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Carbondale, CLEER launch Home Energy Score pilot program

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On Aug. 4, the Town of Carbondale, in conjunction with Carbondale-based Clean Energy Economy for the Region (CLEER), announced that it was undertaking a pilot program utilizing the U.S. Department of Energy’s Home Energy Score (HES) rubric. The program is offering free energy checkups for 100 residences in the town.

Once completed, the results will be analyzed and used to determine if Carbondale will employ a more detailed national home energy assessment (or audit) as part of the Town’s overall objective of achieving net-zero carbon emissions by 2050; and, in Garfield County, the more short-term goal of achieving a 12% reduction in overall energy usage (from a 2019 baseline) by 2030.

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As part of its net-zero goal, Carbondale has enacted strict building codes, including, in 2022, adopting the 2018 International Green Construction Code, which regulates all new construction and some remodeling. However, these rules do not apply to existing buildings, which, as Zuleika Pevec, CLEER’s clean energy program manager, pointed out in the Aug. 4 memo, “account for the greater share of the Town’s emissions.” She continued, “We see the potential for something like the Home Energy Score system to drive improvement in existing homes.”

Carbondale Mayor Ben Bohmfalk, under whose leadership the 2022 ordinance was enacted, echoed Pevec, telling The Sopris Sun, “We have to start chipping away at the most difficult part [of reaching our objectives] — existing homes,” noting that the goal was to “make them as efficient as we can.” He continued, “What we’re seeing is the grid is getting greener, and [referring to HES] anything that gets us [to our goals] helps. Home-energy scores will help immediately — a win-win.”

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CLEER is managing the pilot project as part of its annual contract with the Town. Heidi McCullough, the organization’s buildings specialist, will oversee the HES program and conduct the individual assessments. Each checkup, which takes about an hour, will rate a home on a one-to-ten scale (10 being the most efficient). The homeowner will then get a report with recommendations that include cost-effective measures on how they can improve their home’s efficiency.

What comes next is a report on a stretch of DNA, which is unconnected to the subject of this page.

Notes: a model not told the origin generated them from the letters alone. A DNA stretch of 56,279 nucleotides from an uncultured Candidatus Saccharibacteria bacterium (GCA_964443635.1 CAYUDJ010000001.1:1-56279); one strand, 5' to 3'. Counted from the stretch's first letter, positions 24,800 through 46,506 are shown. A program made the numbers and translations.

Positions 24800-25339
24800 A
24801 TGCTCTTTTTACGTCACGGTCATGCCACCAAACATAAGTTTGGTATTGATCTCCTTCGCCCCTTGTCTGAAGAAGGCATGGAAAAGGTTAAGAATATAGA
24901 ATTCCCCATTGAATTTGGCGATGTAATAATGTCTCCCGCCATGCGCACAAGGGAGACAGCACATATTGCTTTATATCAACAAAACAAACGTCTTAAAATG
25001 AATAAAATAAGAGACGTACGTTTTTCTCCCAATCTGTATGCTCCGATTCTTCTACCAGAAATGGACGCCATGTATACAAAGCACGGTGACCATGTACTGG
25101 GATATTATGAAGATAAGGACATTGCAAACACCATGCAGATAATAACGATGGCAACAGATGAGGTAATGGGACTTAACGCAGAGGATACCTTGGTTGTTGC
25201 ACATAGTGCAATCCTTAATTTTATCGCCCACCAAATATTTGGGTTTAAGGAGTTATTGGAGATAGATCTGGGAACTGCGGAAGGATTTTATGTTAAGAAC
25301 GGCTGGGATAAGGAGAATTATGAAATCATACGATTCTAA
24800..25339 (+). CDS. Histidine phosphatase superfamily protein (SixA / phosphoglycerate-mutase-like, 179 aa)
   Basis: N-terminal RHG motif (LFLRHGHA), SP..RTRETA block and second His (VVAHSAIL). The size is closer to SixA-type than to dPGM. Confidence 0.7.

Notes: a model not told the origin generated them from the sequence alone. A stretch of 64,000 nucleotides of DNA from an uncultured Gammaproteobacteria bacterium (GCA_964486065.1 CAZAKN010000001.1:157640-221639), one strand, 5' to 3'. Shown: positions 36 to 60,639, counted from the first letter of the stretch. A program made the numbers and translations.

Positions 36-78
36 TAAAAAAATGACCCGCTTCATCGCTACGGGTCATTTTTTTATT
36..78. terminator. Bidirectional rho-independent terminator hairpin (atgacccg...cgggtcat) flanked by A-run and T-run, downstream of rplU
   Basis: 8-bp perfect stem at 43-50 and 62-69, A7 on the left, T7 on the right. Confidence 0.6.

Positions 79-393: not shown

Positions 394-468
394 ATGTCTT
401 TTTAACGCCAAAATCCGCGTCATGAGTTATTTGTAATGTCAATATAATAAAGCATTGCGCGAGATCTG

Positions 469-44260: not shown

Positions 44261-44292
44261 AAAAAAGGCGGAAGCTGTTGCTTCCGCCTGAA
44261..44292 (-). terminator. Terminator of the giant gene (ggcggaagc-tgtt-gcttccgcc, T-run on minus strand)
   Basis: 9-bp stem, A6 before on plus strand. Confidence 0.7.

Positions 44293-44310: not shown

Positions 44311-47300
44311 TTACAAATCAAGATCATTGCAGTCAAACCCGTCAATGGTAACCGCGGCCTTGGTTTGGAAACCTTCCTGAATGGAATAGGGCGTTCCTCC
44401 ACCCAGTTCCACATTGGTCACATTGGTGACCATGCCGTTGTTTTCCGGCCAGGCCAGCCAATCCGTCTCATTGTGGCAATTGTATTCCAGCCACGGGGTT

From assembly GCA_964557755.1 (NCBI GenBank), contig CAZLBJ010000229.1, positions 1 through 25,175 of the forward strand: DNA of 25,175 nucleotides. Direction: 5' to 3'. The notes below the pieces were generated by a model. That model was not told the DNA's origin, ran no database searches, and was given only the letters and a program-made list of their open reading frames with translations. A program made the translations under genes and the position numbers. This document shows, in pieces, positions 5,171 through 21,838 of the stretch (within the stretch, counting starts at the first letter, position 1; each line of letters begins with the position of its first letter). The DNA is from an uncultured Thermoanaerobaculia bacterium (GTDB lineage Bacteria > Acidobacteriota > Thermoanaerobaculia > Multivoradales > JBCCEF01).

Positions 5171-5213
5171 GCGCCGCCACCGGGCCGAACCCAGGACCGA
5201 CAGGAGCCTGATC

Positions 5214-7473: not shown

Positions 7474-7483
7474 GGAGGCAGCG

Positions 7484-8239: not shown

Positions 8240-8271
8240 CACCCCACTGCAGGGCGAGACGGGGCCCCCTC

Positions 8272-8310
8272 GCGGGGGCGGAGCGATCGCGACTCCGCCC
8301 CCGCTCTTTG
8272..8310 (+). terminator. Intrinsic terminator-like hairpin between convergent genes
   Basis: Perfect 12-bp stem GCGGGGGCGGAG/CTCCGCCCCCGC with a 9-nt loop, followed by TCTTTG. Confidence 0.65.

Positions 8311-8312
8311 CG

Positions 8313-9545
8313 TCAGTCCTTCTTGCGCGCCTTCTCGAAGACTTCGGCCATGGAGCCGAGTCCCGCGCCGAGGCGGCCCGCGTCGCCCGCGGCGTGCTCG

McCullough told The Sun that they chose the number 100 because it was “a large sample” for a town this size in order to “genuinely assess [the program] for the town … so that the town can [then] assess the value of it,” — especially regarding whether Carbondale wants to apply the national home energy audit program here. She noted that the HES assessment is “scored under the same metrics” as the national program.

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Asked about homeowners’ response to HES, McCullough said that some 40 homeowners signed up on the day it was announced. Applications slowed after that, but that wasn’t necessarily a bad thing. She said that they “want to get a variety of home types,” and felt that the diversity could still be broader. To that end, she plans to “target some neighborhoods” with door hangers where she would like a larger response. Bohmfalk also mentioned that he hoped this article would “help spread the word” about the program.

Once the assessments are completed, the CLEER staff will work with Carbondale to determine how it wants to move forward. McCullough said that part of that process will include a follow-up survey sent to all participants in the HES program. Bohmfalk said that he sees “a lot of value in pilot projects” like HES, allowing the Town to “get some metrics.” It might also help the Town get grants and financing that could allow it to set up a program like Garfield Clean Energy’s highly successful ReEnergize Garfield County, which completed its second season in 2023 and again assisted dozens of qualifying homeowners in the county to upgrade their energy efficiency.

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Learn more about this project and how to sign up at:

Tags: #Ben Bohmfalk #Clean Energy Economy for the Region #CLEER #Heidi McCullough #home energy assessment #net-zero #Town of Carbondale
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